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02/09/2013

SFB lança estudo sobre carga tributária no setor florestal madeireiro

Foco foi sobre florestas nativas da Amazônia, e compreensão sobre impostos nos produtos madeireiros fomenta debate sobre competitividade

A madeira em tora é o produto com maior produção e valor

O Serviço Florestal Brasileiro (SFB) mapeou a carga tributária que incide sobre produtos florestais madeireiros da Amazônia e apresentará os resultados desse levantamento em uma reunião aberta ao público nesta sexta-feira, 30, em Brasília.

Segundo a diretora de Fomento e Inclusão do SFB, Claudia Azevedo-Ramos, “fomentar o debate e informar o público é o primeiro passo rumo a coibir distorções e fortalecer uma economia florestal sustentável que permitirá que a floresta Amazônica permaneça em pé e saudável”.

Com o encontro, o SFB busca trazer especialistas do governo, do setor florestal e da academia para suscitar um debate plural e avançar em direção a propostas de solução que contribuam para o aumento de competitividade do setor florestal.

Dados

O setor florestal desempenha um importante papel na economia do País. Em 2011, a produção primária florestal somou R$ 18,1 bilhões, dos quais a silvicultura contribuiu com 72,6% (R$ 13,1 bilhões) do total apurado, enquanto a extração vegetal participou com 27,4% (R$ 5,0 bilhões). Os dados são da pesquisa Produção da Extração Vegetal e da Silvicultura 2011, do Instituto Brasileiro de Geografia e Estatística (IBGE).

A madeira em tora se destaca como o produto com maior produção e valor, com 14 milhões de metros cúbicos de madeira provenientes da Amazônia. Somada às florestas plantadas, seu valor de produção ficou em R$ 17 bilhões. Dados de um estudo realizado pelo SFB e pela ONG Imazon, de 2009, apontam ainda que o setor florestal na Amazônia gera em torno de 200 mil empregos e conta com cerca de 2,2 mil empresas.

O estudo que será apresentado na próxima sexta mostrará, além da carga tributária, qual o tributo que mais onera a cadeia, além de avaliações de vários cenários potenciais de desoneração tributária que, caso adotados, fortaleceriam a economia florestal local. Esta iniciativa teve o apoio da cooperação técnica alemã por meio da GIZ. O resumo executivo e o estudo completo poderão ser acessados no site do SFB a partir de 2 de setembro.

Serviço

Lançamento do estudo “Fortalecimento do setor Florestal no Brasil: Mapeamento da carga tributária incidente sobre produtos florestais madeireiros e proposição de medidas de desoneração”

Local: auditório do Cenaflor (Centro Nacional de Apoio ao Manejo Florestal/SFB) – Av. L4 Norte, Trecho 2 (dentro do complexo do Ibama) - Brasília - DF

Horário: 9h às 12h

Data: sexta-feira, 30/8

 


Fonte: Painel Florestal



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UUFaxZ04MT disse:

28/09/2013 às 08:27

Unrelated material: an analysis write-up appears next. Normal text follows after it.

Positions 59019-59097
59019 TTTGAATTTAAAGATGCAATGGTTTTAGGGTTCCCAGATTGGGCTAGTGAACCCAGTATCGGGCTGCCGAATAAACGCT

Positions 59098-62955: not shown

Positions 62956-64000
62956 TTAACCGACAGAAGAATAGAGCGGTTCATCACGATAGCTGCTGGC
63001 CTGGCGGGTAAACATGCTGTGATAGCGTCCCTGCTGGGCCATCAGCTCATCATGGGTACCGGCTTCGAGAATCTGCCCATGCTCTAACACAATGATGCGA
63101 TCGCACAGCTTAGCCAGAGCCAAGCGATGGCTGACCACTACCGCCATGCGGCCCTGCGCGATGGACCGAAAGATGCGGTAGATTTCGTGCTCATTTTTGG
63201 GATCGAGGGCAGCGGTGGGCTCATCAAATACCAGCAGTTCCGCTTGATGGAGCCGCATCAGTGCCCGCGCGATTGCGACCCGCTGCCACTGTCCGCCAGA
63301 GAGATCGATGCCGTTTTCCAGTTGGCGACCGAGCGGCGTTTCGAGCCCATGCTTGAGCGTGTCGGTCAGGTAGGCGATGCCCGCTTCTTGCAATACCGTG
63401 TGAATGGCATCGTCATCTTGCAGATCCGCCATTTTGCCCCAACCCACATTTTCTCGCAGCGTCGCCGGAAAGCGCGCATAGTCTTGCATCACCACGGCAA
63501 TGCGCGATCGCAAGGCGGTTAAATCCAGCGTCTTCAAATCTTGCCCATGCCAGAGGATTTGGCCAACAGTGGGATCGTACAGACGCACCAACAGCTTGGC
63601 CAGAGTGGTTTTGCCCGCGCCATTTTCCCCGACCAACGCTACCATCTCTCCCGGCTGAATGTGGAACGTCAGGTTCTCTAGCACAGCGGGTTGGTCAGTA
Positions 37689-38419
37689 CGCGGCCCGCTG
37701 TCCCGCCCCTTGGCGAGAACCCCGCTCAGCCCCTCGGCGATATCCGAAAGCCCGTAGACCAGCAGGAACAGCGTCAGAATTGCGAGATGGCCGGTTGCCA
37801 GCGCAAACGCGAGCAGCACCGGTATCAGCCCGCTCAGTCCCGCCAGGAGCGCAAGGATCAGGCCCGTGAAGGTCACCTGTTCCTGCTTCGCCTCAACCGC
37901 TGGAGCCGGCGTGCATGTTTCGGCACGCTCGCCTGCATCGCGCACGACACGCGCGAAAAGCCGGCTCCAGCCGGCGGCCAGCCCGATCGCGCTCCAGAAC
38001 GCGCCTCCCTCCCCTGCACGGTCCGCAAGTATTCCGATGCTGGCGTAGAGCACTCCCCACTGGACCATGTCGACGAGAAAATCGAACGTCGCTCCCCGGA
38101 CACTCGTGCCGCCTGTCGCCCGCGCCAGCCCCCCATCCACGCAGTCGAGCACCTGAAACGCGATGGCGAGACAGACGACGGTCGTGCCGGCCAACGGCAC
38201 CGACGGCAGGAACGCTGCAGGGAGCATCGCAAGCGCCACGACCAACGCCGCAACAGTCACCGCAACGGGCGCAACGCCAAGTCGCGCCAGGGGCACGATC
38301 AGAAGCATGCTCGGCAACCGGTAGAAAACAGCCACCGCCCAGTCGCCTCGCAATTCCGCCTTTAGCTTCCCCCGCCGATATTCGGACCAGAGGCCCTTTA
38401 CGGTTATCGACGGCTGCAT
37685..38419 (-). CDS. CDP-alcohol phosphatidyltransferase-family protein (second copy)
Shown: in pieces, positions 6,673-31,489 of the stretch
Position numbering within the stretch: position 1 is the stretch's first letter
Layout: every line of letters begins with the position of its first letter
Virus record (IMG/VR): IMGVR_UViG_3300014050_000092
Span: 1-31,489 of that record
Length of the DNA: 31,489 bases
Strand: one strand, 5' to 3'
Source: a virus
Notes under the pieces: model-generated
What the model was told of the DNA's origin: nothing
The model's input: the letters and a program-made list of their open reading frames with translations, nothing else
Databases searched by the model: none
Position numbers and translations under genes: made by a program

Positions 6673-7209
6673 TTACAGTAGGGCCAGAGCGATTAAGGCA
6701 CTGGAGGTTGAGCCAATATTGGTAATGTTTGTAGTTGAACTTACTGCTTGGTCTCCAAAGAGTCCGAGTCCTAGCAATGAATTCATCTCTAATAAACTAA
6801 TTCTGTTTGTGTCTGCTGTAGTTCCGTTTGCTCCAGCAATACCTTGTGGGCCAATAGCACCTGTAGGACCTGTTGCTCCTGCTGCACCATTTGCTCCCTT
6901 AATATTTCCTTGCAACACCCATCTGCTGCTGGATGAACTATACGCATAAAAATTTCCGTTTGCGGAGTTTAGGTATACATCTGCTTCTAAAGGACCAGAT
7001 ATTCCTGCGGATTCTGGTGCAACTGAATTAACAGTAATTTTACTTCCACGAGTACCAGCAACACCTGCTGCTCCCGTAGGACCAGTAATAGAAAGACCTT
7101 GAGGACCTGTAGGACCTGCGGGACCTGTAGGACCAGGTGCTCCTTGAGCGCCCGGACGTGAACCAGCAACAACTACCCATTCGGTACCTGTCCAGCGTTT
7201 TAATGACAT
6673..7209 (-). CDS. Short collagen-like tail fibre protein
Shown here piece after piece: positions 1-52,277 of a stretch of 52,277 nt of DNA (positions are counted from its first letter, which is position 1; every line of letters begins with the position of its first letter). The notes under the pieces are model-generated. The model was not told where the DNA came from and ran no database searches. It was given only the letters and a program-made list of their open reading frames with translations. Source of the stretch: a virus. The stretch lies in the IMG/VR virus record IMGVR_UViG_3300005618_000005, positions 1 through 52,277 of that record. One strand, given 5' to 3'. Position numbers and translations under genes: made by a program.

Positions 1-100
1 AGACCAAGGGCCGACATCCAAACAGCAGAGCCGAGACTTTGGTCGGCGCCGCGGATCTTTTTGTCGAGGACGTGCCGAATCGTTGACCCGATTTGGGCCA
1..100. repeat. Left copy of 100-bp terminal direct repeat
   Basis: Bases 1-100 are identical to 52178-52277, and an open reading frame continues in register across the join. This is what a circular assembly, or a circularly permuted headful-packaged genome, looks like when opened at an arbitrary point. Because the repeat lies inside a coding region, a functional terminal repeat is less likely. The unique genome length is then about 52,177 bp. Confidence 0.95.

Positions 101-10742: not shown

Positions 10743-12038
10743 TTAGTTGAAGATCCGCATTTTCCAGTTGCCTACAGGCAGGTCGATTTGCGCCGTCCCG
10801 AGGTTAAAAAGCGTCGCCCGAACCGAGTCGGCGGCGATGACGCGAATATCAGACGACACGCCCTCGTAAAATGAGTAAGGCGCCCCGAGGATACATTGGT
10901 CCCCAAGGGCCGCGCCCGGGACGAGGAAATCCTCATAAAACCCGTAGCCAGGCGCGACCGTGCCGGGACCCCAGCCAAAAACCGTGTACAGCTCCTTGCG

, I remain unveccinnod. And as hard and bold as might be the arguing with a Harvard PhD, I?m about to dare. Just for the record: I am not professing the final truth, neither here nor in my article; I am merely expressing my personal opinion?which I?m ready to change if presented with the arguments I deem solid.So, here are few remarks on ?Persistent Hunting? and more generally, on human evolution and adaptation.1.I might be wrong but ?Persistent Hunting? seems highly dependent on restrictive external factors, such as:a.The environmental factor (climate, nature of ground and terrain), which seems crucial for the ?cost? part of the ?cost/benefit? equation?injury risk, exposure, and energy cost of a long distance running are different from sand to rocks to swamp to snow.b.Even more restrictive is the eventual presence/absence of the ?concurrence??bigger and stronger or more numerous predators; the linked video was shot in the Kalahari desert; in slightly more humid regions of Africa hyenas are well known to systematically attack lions to rip off their kill. This is to say that ?Persistent hunting? and thus, long-distance running might not have been widespread enough to provoke adaptations but locally. Actually, it might be quite the opposite: our ancestors would already be ?adapted? enough for running to undertake such a form of hunting when conditions presented themselves. More on it below.2.I might be wrong but Dan Lieberman presents the ?Persistent Hunting? in a way that makes one think that all Homo Erectus were running ?from 9 to 15 km a day?. He may have his own sources but in the very same video he uses for his presentation (the one you linked in your comment) the story is slightly different. There are three hunters hunting for the whole tribe and only one of them?the ?best runner??actually runs down and kills the scared animal. Women and most men of the tribe do not hunt/run. So running is the primary activity of, well, runners. Or would be?if they didn?t have to bring their kill back to their tribe. I?d bet they were walking, not running back home.3.I might be wrong but even if ?Persistent Hunting? was a widespread hunting method, to surmise it provoked adaptation you must be sure the hunters/runners were also the breeders. As we know, in animal groups the healthiest females breed with the group?s Alpha and possibly his lieutenants. Alpha is usually the biggest/meanest male, enough so to scare/fight off the contenders. Or the meanest and smartest. Anyway, smart or mean enough to delegate the strenuous and ungrateful tasks (such as running down animals all alone in the heat, while the tribe is ?unattended?) to his ?soldiers? (I suspect not even lieutenants but of course, I might be wrong).But even if runners/hunters did breed, all other things equal, their injury and hence early death rate were probably higher than average, which mechanically weeded out their genes from the gene pool over a long period of time.That means our skill/capacity in long distance running should diminish over a long period of time, while on the contrary our sprinting skill/capacity should rise because better sprinters were better survivors: remember that joke, ?You don?t need to run faster than the lion, only faster than the other guy?? Natural selection.4.I might be wrong but to illustrate his theories Dan Lieberman mostly uses as example long-distance runners. Those are usually people who have freely selected that form of physical activity, stuck to it, and actually got good at it. All of which suppose predispositions, mainly anatomical/physiological. What about people ?too heavy? for their height? Those, for example, who have naturally large and heavy bones? What are the long-term effects of long-distance running on their health? Joint health, especially? I mean, we might be theoretically good at something and ?adapted? to it, but that doesn?t necessarily means it?s good for us. Look at sitting.5.I might be wrong but Dan Lieberman himself says this method of hunting started to decline with the invention of the throwing weapons somewhere around 300,000 years ago. Then another, hunting method took over and is still in use today: get close to the animal undetected, shoot/throw to injure, follow the blood trail (easier to track and does not require running), kill, carry home. So, from this point of view, in terms of ?shaping the human body? over the last 100 000 of years (as I suggested in the article in reference to the age scientists give to our species?, Homo Sapiens Sapiens) ?Persistent Hunting? would simply be irrelevant. 6.I might be wrong but there is a difference between ?being adapted? and ?having adapted?. Is our adaptation to long-distance running the result of extensive running during some period of our evolution? Or is it incidental to our adaptation to long-distance walking? I?m wondering. Dan Lieberman illustrates the difference between walking and running gaits showing the legs? use as ?inverted pendulum? in the first case and ?springs? in the second. True but that implies walking on flat surface only. Actual walking in wilderness implies climbing up and down more or less steep slopes, hopping, jumping, even short sprints?hence, using the legs both as springs and ?inverted pendulum?. Wouldn?t it prepare/?adapt? one for long-distance running? Actually, it makes me think about how we prepare for the Snatch Test. One will do a lot of Snatches?and ruin his/her shoulders. The other will do a lot of Swings and Get-ups and just a few Snatches to refine the technique?and nail the test no problem.7.I might be wrong but beyond all that looms the controversy of human origins. I won?t get into it here, this post already being way too long.Thanks for reading.